Socially responsible investing is certainly no worse than other active stock-picking strategies. Strong arguments can be made why it is better than most, yet, conventional investment wisdom has long held that by investing in a socially responsible manner, investors give up something in investment return. This view is wrong, because the strategy of picking stocks by estimating whether they will benefit society in the future is certainly no less likely than any other stock-picking method to produce a good return. Nevertheless, like any active stock-picking strategy, socially responsible investing entails higher costs than passive investing—that is, investing passively in market index funds. Therefore, any would-be socially responsible investor needs to take those costs into consideration. However, at the time of this writing, socially responsible mutual funds are available at expense ratios (annual management expenses) less than 0.30%. Socially responsible funds may also be less diversified across industries than total market index funds.

Alternative Investments

Only very rarely is there an unconventional investment (sometimes called an “alternative” investment) that makes sense and is not too expensive to invest in. Normally they are too difficult to find, their fees are too high, and it takes too much effort to determine (if it’s even possible) whether they’re any good. The cost/benefit analysis of alternative investments is simply unattractive. As we’ve pointed out, no more than one in a thousand such products can provide any benefit.

Some more adventuresome readers, however, may want to play around with other investment vehicles in that part of their portfolio in which they’re willing to take more risk. If you can buy individual stocks, then why not other risky investments, if the cost of buying them is not too great?

An example of just such an investment appeared in a 2007 article about hedge fund manager John Seo. (A “hedge fund” is a basket of a variety of types of investments that is available only to private, usually very wealthy, investors, or to institutional investors like endowment funds and large pension funds, not to smaller investors. But remember that this does not by any means imply that hedge funds are generally better investments; see Deadly Temptation #6 in Part II.) Seo’s hedge fund consisted of “catastrophe bonds.”13 Catastrophe bonds (or CAT bonds) are issued to the public to cover claims that an insurance company may receive for damages from earthquakes, hurricanes, floods, and other large-scale disasters. CAT bonds really are an “uncorrelated” asset class, meaning there’s no reason an earthquake or tornado should hit at the same time as a market meltdown—there’s no correlation between these events. This quality makes CAT bonds a good way to diversify (reduce) risk. On top of this, Seo was not charging the usual sky-high hedge fund fees but way lower fees, just a fourth of a percent. If you can find an investment opportunity like this and then are willing to dedicate the large amount of time it takes to analyze it to make supersure it’s that one-in-a-thousand sensible deal—and its fees don’t obliterate whatever possible advantage you might get out of it—then go ahead and dabble in it. As long as it doesn’t put you at risk of not meeting your most basic goals, an investment like this could be worth your while. (It should be noted that at the time of this writing, CAT bonds are available for purchase only to institutional investors.)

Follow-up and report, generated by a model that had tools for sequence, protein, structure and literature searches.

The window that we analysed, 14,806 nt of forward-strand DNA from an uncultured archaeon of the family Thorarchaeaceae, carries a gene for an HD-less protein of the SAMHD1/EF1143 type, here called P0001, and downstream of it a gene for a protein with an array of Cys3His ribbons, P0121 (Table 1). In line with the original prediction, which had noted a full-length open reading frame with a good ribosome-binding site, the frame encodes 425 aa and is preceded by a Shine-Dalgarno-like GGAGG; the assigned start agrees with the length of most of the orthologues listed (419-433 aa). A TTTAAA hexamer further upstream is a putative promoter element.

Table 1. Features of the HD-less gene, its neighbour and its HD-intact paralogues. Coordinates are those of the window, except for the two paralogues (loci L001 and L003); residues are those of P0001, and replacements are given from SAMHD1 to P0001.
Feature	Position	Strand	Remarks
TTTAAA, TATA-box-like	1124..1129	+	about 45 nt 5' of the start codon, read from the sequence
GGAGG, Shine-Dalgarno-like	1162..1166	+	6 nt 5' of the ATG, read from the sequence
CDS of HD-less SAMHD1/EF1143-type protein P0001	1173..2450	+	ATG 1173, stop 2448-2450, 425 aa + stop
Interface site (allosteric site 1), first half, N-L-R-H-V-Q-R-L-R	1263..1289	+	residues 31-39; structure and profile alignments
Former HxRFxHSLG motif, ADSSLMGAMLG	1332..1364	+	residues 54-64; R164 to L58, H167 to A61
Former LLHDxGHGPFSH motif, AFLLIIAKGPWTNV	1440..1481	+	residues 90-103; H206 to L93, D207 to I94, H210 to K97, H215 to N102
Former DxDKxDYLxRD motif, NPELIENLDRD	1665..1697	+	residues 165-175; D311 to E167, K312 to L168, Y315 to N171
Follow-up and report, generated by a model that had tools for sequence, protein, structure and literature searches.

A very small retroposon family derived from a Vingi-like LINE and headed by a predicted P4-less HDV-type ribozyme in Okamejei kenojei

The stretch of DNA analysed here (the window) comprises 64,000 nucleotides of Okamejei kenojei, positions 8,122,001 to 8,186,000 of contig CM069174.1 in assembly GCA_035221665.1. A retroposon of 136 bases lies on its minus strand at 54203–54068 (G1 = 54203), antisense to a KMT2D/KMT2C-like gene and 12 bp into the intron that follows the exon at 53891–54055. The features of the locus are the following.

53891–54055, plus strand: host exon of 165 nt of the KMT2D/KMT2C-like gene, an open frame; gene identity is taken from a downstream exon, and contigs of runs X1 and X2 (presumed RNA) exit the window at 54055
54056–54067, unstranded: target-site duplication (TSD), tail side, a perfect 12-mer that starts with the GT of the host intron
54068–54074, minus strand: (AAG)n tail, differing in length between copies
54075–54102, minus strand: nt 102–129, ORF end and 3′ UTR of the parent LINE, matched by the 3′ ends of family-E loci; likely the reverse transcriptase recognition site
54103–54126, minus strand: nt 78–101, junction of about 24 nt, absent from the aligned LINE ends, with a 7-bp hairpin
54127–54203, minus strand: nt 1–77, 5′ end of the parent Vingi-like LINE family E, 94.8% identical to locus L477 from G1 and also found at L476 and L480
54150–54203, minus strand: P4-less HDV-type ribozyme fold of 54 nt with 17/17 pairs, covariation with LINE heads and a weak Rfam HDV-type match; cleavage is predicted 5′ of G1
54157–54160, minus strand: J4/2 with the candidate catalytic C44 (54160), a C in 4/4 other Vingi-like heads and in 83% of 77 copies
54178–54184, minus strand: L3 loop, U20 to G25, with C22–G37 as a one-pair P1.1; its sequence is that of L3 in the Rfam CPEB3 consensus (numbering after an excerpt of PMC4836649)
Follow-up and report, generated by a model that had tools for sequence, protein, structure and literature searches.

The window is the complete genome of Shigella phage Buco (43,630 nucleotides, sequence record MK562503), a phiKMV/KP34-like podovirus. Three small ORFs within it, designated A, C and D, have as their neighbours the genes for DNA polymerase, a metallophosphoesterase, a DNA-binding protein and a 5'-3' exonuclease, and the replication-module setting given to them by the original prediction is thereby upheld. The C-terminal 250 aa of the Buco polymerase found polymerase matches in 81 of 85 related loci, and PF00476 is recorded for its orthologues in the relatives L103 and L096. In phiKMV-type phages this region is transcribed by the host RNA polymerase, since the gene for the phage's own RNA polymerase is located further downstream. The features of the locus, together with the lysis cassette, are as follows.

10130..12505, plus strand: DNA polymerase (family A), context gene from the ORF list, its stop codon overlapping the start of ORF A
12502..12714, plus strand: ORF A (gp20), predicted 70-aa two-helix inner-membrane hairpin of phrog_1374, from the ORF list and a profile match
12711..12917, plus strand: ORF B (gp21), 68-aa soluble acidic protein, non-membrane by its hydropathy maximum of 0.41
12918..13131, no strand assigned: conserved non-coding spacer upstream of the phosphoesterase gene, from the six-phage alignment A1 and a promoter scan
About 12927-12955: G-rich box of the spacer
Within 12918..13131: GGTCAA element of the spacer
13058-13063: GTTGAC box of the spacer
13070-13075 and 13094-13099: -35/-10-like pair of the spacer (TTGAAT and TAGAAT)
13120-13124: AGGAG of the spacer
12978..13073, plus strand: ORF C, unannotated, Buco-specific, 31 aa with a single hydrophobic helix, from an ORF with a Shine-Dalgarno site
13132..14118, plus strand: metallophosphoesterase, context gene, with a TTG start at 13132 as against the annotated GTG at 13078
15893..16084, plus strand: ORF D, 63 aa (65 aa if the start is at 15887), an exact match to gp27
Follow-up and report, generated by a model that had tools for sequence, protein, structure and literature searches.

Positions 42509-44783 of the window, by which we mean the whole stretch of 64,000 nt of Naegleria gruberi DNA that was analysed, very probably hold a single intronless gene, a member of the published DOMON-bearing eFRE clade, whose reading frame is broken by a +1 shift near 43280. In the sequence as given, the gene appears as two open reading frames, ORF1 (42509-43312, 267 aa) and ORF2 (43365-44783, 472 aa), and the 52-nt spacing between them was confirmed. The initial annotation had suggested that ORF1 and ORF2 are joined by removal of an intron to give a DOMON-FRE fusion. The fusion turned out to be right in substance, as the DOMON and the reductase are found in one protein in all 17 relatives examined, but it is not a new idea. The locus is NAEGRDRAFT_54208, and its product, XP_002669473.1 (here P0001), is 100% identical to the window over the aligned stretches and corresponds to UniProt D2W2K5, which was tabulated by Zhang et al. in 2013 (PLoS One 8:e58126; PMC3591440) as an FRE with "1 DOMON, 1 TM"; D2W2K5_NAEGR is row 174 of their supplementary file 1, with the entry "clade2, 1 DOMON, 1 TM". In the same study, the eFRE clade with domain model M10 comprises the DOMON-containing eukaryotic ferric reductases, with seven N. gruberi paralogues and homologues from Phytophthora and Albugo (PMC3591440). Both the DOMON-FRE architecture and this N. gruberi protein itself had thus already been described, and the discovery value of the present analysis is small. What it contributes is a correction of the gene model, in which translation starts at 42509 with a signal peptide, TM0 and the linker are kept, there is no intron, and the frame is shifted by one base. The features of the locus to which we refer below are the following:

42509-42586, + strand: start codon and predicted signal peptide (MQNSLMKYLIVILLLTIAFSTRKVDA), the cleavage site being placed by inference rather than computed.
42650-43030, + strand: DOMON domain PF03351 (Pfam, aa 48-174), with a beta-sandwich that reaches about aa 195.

Furthermore, if you’re a very wealthy investor or even the administrator of a large institutional fund like a pension fund or an endowment, you could consider investing directly in, for example, technology start-ups that could help to solve the world’s energy or water or health problems. It’s better to invest directly, by providing finances (capital) straight to the founders of a company, if you can, than through investment vehicles offered by the financial industry, like hedge funds or private equity funds, because you’ll avoid their high fees.

An investor who is sophisticated enough to know that 99.9% of the investments available are not worth thinking about at all can keep her mind open. Occasionally, there’s something worth considering, but frankly, you don’t really need it. GIPS and world stocks will do you fine.


1. You can ignore 99.9% of the investments offered by the financial industry and limit yourself to, at most, 10 specific low-cost investment vehicles.

2. The least risky of these vehicles is government inflation-protected securities, and the most risky is a low-cost world stock index fund or ETF.

3. In addition, if you’re an individual investor, you may consider simple annuities (though not other kinds of annuities) and term life insurance.